The question is, where do you draw the line between cheating and ignorance? The answer to me, is you don't draw the line. There is no line. When a rule is broken, and no penalty is taken at the time, it must be assigned retroactively if the violation becomes known. In that way, the specter of cheating never comes up.

Now there can't be a camera on every group, and the only players who will come under such scrutiny in the early rounds are the better-known players, and in the later rounds, the leaders. That means that about 80 percent of the field plays out of view of anyone except themselves and the gallery following them, most of whom are ignorant of the rules and too far removed from the action to notice a violation anyway.

So it comes down to the players to make sure the game is played honestly and correctly. Players who know less about the rules than lot of guys in my men's club. Players at the highest level of competition in the world who have only a nodding acquaintance with the rules. I mean, I couldn't quote you Rule 23-1, but I do know enough that you don't do ANYTHING while your ball is moving. Why doesn't a professional golfer know AT LEAST that much?

Of course a violation should be phoned in if it is noticed. One golfer suffers if it does, but the entire sport suffers if it does not.

The problem has an easy solution. Learn the rules. Attend a USGA rules seminar. Even make a rules test part of getting your card at Q school. (Good luck with that one.) There's an advantage to knowing the rules, as they are meant to help you as well as keep the game honest. Arnold Palmer had a firm grasp of the rules, that helped him win several tournaments, including the Masters in 1958 or 1960, I forget which, when he beat Ken Venturi because of a free drop he thought he was entitled to (he was), but would not have taken had he not read the rules sheet handed to the players that week.

Quite frankly, I would be embarrassed to be a world class player as be as ignorant as some of these guys are about the rules of my game, but that's just me.

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Was just talking golf to a friend and he mentioned an incident where Craig Stadler used a towel to kneel on and was penalized/disqualified. I decided to look it up just to check it out and it appears that this incident with people calling rules violations in isn't a first.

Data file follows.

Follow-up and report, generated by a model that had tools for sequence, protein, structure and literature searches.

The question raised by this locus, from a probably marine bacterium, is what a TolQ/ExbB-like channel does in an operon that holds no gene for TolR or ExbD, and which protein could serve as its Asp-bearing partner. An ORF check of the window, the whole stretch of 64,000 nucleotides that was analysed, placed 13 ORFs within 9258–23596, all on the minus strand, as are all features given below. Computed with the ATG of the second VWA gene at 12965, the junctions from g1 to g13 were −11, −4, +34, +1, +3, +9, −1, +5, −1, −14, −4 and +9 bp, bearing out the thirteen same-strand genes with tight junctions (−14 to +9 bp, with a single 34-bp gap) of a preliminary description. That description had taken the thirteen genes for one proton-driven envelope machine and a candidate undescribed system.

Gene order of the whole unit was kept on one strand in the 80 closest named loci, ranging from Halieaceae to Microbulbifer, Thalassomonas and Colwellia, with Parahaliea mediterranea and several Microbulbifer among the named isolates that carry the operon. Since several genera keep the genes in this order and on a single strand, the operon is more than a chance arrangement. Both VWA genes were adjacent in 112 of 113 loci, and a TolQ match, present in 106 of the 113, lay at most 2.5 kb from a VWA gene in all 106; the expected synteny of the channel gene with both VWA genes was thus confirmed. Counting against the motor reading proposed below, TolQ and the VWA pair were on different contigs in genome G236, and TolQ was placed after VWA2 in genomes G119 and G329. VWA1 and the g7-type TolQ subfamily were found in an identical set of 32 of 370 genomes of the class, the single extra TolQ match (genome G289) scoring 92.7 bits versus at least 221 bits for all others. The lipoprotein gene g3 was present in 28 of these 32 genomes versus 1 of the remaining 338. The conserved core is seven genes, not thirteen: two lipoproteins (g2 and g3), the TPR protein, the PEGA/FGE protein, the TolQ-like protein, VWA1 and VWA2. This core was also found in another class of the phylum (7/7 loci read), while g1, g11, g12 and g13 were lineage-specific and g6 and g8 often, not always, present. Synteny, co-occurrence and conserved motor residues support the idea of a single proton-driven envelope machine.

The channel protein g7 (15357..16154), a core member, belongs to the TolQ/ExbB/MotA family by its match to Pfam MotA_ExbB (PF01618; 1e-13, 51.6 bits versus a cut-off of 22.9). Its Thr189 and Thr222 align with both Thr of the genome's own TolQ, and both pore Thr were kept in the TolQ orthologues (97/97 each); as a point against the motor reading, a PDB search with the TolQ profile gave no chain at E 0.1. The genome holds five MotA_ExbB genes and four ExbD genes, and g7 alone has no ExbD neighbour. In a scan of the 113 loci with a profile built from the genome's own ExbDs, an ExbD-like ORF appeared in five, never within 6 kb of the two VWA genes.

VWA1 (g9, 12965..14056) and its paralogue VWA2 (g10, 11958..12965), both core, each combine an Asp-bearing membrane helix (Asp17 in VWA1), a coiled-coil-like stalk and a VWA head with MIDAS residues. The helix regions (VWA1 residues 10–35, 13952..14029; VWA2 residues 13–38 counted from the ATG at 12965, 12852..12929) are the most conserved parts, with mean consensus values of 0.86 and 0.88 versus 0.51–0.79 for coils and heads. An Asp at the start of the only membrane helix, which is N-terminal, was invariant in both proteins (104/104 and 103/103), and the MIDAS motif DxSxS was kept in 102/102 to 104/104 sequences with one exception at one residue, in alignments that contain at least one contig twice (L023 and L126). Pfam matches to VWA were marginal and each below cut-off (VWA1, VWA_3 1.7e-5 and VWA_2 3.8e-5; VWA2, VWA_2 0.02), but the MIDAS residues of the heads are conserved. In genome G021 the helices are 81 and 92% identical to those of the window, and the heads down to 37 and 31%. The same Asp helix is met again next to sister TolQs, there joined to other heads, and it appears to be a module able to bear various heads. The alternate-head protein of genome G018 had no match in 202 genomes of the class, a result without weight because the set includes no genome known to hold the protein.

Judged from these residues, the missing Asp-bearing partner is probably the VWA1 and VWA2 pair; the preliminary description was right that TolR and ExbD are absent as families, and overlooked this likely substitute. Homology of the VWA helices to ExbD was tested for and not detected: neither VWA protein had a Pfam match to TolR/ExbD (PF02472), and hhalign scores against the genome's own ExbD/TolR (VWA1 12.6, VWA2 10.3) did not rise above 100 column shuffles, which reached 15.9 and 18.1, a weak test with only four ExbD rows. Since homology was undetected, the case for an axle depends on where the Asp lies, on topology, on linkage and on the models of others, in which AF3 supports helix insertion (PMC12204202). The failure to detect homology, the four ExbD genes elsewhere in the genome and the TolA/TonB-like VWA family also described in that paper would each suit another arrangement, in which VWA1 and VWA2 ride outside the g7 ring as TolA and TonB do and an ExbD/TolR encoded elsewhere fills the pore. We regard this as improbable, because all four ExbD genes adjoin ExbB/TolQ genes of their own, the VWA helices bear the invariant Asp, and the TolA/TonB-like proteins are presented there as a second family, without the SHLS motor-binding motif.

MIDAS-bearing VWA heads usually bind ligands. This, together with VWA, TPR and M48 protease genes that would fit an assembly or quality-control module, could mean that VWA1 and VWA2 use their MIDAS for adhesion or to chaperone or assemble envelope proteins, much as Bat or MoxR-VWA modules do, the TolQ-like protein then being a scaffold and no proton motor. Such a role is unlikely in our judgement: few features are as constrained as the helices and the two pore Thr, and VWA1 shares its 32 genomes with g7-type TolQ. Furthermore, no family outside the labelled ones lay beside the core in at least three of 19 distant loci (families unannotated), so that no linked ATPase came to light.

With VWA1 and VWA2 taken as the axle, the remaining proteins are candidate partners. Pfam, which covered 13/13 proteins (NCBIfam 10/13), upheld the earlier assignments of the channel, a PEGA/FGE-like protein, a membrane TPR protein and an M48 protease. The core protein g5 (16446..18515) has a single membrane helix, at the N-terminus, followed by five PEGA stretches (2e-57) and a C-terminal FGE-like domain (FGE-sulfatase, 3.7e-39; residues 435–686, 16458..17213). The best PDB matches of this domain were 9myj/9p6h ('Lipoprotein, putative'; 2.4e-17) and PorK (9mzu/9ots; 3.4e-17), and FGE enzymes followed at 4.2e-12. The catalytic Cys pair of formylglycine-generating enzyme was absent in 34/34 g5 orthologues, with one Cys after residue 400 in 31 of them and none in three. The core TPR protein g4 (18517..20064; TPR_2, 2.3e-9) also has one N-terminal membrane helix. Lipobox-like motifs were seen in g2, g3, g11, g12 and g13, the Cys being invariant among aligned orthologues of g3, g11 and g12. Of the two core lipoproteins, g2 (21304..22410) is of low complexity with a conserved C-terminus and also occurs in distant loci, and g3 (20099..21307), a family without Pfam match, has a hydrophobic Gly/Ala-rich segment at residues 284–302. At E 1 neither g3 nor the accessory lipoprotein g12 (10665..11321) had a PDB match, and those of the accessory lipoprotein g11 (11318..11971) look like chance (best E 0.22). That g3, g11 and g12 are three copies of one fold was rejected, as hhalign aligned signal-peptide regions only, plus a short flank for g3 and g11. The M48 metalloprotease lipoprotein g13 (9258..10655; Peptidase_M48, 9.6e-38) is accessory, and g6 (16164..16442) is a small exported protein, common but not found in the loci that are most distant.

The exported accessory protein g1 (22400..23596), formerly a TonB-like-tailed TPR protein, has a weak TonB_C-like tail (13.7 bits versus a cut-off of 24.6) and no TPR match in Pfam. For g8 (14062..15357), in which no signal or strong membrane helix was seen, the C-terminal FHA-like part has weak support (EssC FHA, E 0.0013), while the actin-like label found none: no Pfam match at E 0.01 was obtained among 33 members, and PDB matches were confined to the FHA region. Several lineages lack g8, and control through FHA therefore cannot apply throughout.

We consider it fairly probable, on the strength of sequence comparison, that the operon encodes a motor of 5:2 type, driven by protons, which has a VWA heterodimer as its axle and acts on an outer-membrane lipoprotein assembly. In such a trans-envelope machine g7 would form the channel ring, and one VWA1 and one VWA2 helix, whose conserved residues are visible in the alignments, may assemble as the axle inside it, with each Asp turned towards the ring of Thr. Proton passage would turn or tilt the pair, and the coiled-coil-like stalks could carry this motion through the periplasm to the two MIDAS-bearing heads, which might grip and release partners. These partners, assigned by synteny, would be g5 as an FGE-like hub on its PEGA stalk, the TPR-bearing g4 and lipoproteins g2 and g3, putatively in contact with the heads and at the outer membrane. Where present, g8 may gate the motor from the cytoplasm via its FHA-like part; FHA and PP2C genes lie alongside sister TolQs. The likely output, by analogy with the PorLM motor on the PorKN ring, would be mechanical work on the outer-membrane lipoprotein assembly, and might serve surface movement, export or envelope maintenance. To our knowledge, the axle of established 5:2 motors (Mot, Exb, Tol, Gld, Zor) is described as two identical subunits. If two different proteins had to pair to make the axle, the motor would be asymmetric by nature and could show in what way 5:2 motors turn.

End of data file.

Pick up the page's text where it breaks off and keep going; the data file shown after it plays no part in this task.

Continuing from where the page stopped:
http://www.time.com/time/magazine/article/0,9171,963732-2,00.html

Quote:
While Stadler was persevering to a second-place finish worth $37,333.33, TV replayed his arboreal adventure. The switchboard, as they say, lit up.....
Alerted by the whistle blowers, P.G.A. tour officials penalized Stadler two strokes for innocently "building a stance" with his flat towel and then disqualified him entirely because the scorecard he had signed the day before was now incorrect.

I thought this comment was pretty funny...

Quote:
Almost no amateur golfers play by the rules. They have come to an accommodation with themselves and one another to bump the ball in the fairways or nonchalant it on the greens. The game most of them play combines croquet with tiddledywinks. But they know the rules.

Read more: http://www.time.com/time/magazine/article/0,9171,963732-2,00.html#ixzz1BDmUkI6k

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Should a person who wins the tournament if the rules are followed, be denied the win.

Would you want to accept the trophy for winning a tournament if everyone you knew were going to call you a cheater?

I will always try to play by the rules, but if I fall short of success.   I never want to be labeled a thief or cheater who stole the championship from another.  Bring on the wise counsel who will help protect my honor and the honor of the game of golf.

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Originally Posted by Lefty-Golfer

Quote:

Originally Posted by NM Golf